5 Reasons to FREAK OUT About Your Beliefs

5 Reasons to FREAK OUT About Your Beliefs

It is no new truth that we are all easily caged by our belief systems. Our subconscious feeds us directives on a moment-to-moment basis and even the best of us find ourselves on the other end of a crisis with clear hindsight wondering "...what the fuck was I thinking?"

One of the wonderful things about having no employer is that there is one less influence tugging at my lower brain (another post on this later). However, one less influence means one less excuse: One less reason for not "choosing" your beliefs and cementing them into habit through repeated action. 

Just a bit of a disclaimer: I will never write on a topic that I do not have bitter experience with. Rest assured, I have FREAKED OUT about my belief systems on more occasions than I care to admit. Here are 5 reasons you should too if you happen to relate to a place in my life where I did.

1. Becoming self-aware...and realizing you haven't been your whole life.

It is an unfortunate but necessary first step to become aware that the beliefs you thought you had you whole life - decent and honorable beliefs mind you - are nothing but nice little sleep-aides. Beliefs are not BELIEFS if one's actions don't reflect the ideal. And a shock it is to realize that you've been acting contrary to closely held ideals for years. For instance, thinking of myself as an assertive and courageous person, but failing to stand up to a cutter-in-line and opting to silently boil with rage instead...

2. You don't actually like the beliefs you practice.

I moved to Portland, OR about 9 months back and was beyond thrilled to be in a city that was so eco friendly and outdoorsy. I thought to myself "How wonderful to be in a place where EVERYBODY LIKES WHAT I LIKE!!!" (I think in all caps from time to time). But check it out, if I'm totally and completely honest with myself, I'm a shitty Urbanite through and through. I'll go on hikes and take trips to the coast and whatnot...but (here goes it)....I don't actually like any of it.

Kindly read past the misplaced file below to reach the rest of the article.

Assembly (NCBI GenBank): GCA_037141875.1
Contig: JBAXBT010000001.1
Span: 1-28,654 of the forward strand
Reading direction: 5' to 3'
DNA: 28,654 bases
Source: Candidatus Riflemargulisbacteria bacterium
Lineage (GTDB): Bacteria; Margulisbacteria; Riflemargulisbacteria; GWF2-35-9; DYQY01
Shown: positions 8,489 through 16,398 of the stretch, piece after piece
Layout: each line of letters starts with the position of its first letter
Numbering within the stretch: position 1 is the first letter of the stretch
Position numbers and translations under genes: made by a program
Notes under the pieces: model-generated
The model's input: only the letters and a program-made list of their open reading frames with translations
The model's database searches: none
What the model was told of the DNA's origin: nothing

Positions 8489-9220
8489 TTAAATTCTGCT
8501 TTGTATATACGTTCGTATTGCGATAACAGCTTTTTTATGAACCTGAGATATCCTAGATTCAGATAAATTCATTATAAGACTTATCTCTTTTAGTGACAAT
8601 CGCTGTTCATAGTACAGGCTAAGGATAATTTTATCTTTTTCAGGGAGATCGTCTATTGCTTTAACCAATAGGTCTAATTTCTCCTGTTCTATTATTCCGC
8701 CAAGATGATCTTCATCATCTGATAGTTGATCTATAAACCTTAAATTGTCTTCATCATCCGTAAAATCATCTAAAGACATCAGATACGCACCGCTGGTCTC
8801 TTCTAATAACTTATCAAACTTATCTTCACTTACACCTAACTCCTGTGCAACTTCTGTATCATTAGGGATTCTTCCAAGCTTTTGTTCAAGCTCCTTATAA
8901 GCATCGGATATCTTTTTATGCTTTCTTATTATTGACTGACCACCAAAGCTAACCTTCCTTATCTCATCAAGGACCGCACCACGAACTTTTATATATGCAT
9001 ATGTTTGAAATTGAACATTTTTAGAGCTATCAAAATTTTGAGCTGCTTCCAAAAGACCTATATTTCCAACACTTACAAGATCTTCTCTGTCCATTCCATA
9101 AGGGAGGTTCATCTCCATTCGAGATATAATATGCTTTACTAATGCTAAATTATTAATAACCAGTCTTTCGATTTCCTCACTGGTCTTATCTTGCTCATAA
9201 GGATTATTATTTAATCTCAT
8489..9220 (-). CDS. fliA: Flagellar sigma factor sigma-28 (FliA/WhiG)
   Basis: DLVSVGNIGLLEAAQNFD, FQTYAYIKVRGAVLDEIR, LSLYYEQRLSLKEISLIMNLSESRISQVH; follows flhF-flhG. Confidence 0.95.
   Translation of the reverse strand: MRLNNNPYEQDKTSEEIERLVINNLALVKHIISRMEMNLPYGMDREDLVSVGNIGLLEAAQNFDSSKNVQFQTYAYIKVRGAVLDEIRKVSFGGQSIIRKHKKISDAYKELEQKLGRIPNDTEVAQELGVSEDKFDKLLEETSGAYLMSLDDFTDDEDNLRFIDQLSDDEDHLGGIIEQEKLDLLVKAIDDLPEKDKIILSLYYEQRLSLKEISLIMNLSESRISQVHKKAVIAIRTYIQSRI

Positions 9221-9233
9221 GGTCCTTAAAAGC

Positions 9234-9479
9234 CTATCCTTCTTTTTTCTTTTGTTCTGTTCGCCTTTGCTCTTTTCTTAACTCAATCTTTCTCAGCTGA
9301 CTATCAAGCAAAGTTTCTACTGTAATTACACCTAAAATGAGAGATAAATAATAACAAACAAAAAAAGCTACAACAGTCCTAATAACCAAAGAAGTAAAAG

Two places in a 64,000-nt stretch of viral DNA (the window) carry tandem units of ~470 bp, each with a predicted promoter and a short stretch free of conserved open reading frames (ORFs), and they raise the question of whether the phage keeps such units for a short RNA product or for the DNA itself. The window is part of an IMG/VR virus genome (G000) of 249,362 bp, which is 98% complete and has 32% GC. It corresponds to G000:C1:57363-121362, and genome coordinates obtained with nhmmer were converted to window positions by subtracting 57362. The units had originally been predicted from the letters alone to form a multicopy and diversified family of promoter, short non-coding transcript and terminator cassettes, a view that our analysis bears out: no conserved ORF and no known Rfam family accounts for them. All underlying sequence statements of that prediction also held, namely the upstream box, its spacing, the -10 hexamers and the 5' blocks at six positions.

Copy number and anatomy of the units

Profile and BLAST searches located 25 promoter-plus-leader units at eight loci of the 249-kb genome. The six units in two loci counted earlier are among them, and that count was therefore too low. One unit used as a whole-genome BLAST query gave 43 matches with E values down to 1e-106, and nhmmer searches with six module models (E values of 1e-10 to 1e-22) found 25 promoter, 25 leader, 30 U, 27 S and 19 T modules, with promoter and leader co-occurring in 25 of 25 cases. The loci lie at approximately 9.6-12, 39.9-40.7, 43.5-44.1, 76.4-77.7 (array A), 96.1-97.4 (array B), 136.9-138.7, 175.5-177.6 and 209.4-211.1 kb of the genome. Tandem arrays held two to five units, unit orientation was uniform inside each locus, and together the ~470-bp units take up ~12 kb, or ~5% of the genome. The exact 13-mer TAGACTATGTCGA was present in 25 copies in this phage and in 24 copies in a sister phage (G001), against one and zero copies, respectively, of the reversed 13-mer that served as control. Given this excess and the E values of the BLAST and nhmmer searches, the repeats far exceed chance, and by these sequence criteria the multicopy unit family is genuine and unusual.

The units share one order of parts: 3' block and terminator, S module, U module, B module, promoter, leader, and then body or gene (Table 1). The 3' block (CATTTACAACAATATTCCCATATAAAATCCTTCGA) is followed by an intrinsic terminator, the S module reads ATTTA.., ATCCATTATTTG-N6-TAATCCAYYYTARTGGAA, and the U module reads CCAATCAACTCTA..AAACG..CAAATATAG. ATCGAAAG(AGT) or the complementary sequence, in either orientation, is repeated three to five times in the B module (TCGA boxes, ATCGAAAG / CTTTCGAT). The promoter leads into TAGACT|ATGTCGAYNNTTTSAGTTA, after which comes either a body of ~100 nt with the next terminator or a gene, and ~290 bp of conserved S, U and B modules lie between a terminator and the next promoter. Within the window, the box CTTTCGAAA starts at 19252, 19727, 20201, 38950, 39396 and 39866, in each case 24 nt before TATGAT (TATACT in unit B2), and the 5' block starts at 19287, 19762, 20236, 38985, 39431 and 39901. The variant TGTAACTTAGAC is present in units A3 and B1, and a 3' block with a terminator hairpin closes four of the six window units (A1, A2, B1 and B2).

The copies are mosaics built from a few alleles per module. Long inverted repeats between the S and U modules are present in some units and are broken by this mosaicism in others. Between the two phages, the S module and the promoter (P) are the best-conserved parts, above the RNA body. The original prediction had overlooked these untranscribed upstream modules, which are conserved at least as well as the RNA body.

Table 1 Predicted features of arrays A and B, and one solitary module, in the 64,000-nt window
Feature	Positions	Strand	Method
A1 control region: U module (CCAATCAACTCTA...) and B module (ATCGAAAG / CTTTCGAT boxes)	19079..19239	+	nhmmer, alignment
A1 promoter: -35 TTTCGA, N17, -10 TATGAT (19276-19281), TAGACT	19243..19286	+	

3. All of your beliefs are someone else's.

Goodness gracious! I can't even fit that pill in my mouth let alone swallow! (insert joke) This ties back to the original self awareness, but the despair goes a bit deeper. The proverbial floor gave way beneath me on this one. And again, I couldn't tell you when I adopted any of them it had been so long. I feared for my individuality. "Who the hell am I then?! If none of my beliefs are my own...doesn't that make me a mere composite of my environment? A walking mirror or sponge or parrot?"

4. The epiphany after the wreckage of 1, 2, & 3 (first good reason to freak)

"NO! I'm not a walking mirror-parrot-sponge!"

It was only after the dust settled did I notice that I did indeed have some fundamental, un-influenced, non-composited ideals of my own. And thank Jeeves for the painful collapse, because otherwise it's very likely I would've lived my entire life according to someone else's "handbook on life". I hate to use the phoenix metaphor, but honestly I had to die a painful and embarrassing death to rise again. And with the settled dust came a neat blank slate.

5. Realizing you can make 'em up as you go along!

Seriously, how programmed was I? Isn't this how beliefs are supposed to be formed? From one's own experience?! Alas, I was a product ...but now I'm not, and I won't dwell on the past any longer. The truth (and again, far from new) is that we as intelligent beings have much more choice in the matter than our environment or society will let on. The big choice, as Stephen Covey enjoys pointing out, is to be reactive OR proactive in forming our beliefs. And it IS a choice! Comforting news indeed, but we don't get off the hook that easy. There's a lot of tear-down and re-build left for us all.

The big takeaway I want you all to...take away...is this:

One cannot be truly happy in ignorance. I know this from experience.
One cannot be truly happy as a fraud. I know this from experience.
One cannot be truly happy living someone else's ideals. I know this from experience.

I don't claim to know what truly creates happiness, but I figure a process of elimination is as good a place to start as any. 

Let me know in the comments if YOU'VE figured it out ;-)

 

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